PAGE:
Not Provided

*   Includes publications given by the data provider as well as publications identified by ClinicalTrials.gov Identifier (NCT Number) in Medline.
 
Recruiting
30
June 2016
June 2016   (final data collection date for primary outcome measure)

Inclusion Criteria:

  • Documented history of HIV infection.
  • Age ≥ 18
  • Males and females are eligible. Subjects must agree to practice birth control or abstinence. Females of child-bearing potential must have a negative urine pregnancy within 14 days prior to study entry.
  • Adequate baseline organ function including the following laboratory values within 14 days prior to study entry:
  • Adequate liver function with ALT, AST and alkaline phosphatase ≤ 5 times upper limit of normal (ULN).
  • Total bilirubin ≤ 2.5 mg/dL Creatinine < 2.3 Serum vitamin B12 level ≥ 200 pg/ml
  • Diagnosis of HIVM by a neurologist - defined as:
  • - Presence of at least two of the following symptoms:
  • - Paresthesias and/or numbness in the lower extremities or in all four limbs; Weakness of the limbs, with predominance in the lower extremities; Unsteady, stiff or uncoordinated gait; Sensation of electrical shock through the back or the legs upon flexion of the neck (L'Hermitte's sign); Stiffness or spasm in the lower extremities; Urinary frequency, urgency, incontinence or retention; Fecal incontinence or retention; Sexual dysfunction with erectile impairment in men;
  • - Presence of at least two of the following neurologic signs:
  • - Reduction in vibratory or position sensation in the lower extremities; Hyperactive deep tendon reflexes; Abnormal response to plantar stimulation (Babinski sign); Presence of L'Hermitte sign (electrical-type sensation down the back, provoked by flexion of the neck); Weakness in the lower extremities or in all four limbs; Spastic or ataxic gait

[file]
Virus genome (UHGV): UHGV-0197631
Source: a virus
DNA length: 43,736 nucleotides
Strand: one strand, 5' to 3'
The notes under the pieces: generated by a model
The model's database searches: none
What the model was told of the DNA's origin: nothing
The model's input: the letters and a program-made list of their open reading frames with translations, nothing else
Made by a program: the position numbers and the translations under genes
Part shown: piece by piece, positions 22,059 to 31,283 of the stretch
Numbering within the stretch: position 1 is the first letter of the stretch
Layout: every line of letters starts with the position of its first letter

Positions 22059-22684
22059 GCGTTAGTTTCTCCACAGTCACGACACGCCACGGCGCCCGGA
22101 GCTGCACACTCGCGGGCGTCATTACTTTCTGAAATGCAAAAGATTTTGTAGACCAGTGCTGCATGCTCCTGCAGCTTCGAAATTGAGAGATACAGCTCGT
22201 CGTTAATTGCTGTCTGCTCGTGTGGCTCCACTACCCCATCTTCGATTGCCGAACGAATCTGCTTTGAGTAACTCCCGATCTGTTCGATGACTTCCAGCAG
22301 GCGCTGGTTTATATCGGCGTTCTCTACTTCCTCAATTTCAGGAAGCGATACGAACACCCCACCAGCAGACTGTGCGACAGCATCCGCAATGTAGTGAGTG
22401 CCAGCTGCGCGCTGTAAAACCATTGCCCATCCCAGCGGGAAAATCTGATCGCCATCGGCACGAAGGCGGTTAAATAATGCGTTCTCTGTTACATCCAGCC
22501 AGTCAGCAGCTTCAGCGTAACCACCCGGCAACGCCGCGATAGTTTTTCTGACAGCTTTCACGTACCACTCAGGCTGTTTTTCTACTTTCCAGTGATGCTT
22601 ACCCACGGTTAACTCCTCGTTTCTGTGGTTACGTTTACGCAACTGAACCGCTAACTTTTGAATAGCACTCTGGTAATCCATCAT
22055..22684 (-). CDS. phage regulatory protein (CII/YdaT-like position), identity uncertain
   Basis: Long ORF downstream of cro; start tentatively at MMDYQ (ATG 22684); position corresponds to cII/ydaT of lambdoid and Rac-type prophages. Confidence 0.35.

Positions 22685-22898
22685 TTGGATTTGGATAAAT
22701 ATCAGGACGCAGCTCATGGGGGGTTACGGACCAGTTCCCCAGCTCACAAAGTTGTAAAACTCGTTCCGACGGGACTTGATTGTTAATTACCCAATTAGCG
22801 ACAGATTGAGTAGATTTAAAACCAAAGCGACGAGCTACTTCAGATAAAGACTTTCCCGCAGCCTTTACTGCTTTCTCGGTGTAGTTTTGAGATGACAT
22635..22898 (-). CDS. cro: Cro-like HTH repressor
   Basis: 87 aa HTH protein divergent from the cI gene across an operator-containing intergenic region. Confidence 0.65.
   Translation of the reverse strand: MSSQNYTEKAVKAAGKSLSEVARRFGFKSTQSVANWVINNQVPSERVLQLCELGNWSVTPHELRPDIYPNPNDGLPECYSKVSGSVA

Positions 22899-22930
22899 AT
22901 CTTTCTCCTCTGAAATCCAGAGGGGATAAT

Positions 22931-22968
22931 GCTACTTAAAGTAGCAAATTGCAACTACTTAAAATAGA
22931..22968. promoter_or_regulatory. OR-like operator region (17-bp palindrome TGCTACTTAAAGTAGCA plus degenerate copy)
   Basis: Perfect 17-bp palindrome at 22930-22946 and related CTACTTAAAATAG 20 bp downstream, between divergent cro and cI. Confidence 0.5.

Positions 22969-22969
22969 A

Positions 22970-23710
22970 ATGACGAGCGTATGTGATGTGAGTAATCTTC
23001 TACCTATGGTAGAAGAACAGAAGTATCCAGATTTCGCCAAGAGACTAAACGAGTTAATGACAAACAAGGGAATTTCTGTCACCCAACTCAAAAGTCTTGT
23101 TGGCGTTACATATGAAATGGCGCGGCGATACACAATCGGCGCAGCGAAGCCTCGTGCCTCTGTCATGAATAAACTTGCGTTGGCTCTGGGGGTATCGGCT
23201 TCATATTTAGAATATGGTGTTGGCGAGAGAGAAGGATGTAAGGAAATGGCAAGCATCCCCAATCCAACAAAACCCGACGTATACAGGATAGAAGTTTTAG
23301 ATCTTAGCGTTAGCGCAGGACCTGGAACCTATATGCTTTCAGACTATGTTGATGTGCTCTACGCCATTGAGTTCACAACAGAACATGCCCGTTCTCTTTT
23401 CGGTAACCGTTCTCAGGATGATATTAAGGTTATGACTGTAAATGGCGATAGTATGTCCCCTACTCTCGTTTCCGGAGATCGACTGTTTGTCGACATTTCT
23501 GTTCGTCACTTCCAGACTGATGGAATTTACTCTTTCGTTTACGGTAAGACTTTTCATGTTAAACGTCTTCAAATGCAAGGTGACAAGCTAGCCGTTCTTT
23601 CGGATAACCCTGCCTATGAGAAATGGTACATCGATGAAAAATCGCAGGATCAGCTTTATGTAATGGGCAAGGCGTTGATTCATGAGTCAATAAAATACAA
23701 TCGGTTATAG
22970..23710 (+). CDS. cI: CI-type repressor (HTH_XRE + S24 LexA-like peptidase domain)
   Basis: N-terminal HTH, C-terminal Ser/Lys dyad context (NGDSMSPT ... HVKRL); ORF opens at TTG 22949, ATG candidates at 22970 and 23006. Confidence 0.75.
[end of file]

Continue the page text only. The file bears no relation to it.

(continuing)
• Antiretroviral regimen stable 2 months prior to the entry of the study.

Exclusion Criteria:

  • Presence of acute, active, opportunistic infection, except oral thrush, orogenital or rectal herpes and MAI bacteremia within 2 weeks before randomization.
  • Evidence of another contributing cause for myelopathy.
  • Women who are pregnant, breast-feeding or planning a pregnancy.
  • Active abuse of drugs or alcohol, which in the opinion of the investigator would interfere with the subject's ability to comply with the protocol.
  • Any neurologic or systemic conditions, which in the opinion of the investigator would interfere with the evaluation of the subject.
  • Presence of significant cardiac, pulmonary or renal disease that would place the subject at risk for the fluid and protein load of IVIg.
  • History of hypersensitivity to immunoglobulin, or IgA deficiency; Vaccination with live viruses within the past 90 days; Patients receiving IVIg or other immunomodulatory agent (cyclosphosphamide, azathioprine, corticosteroids, tacrolimus, cyclosporine, OKT3, plasma exchange, alpha, beta or gamma interferon) within the past 3 months.
  • Patients in whom muscle dynamometry can not be performed for any reason.
Both
18 Years and older
No
Contact: Mary-Catherine George, MM 212-241-0784 mary-catherine.george@mssm.edu
United States
 
NCT01561755
GCO 10-1108, HS#: 11-02029
No
David M. Simpson, Mount Sinai School of Medicine
David M. Simpson
CSL Behring
Principal Investigator: David Simpson, MD Mount Sinai School of Medicine
Mount Sinai School of Medicine
October 2014

ICMJE     Data element required by the International Committee of Medical Journal Editors and the World Health Organization ICTRP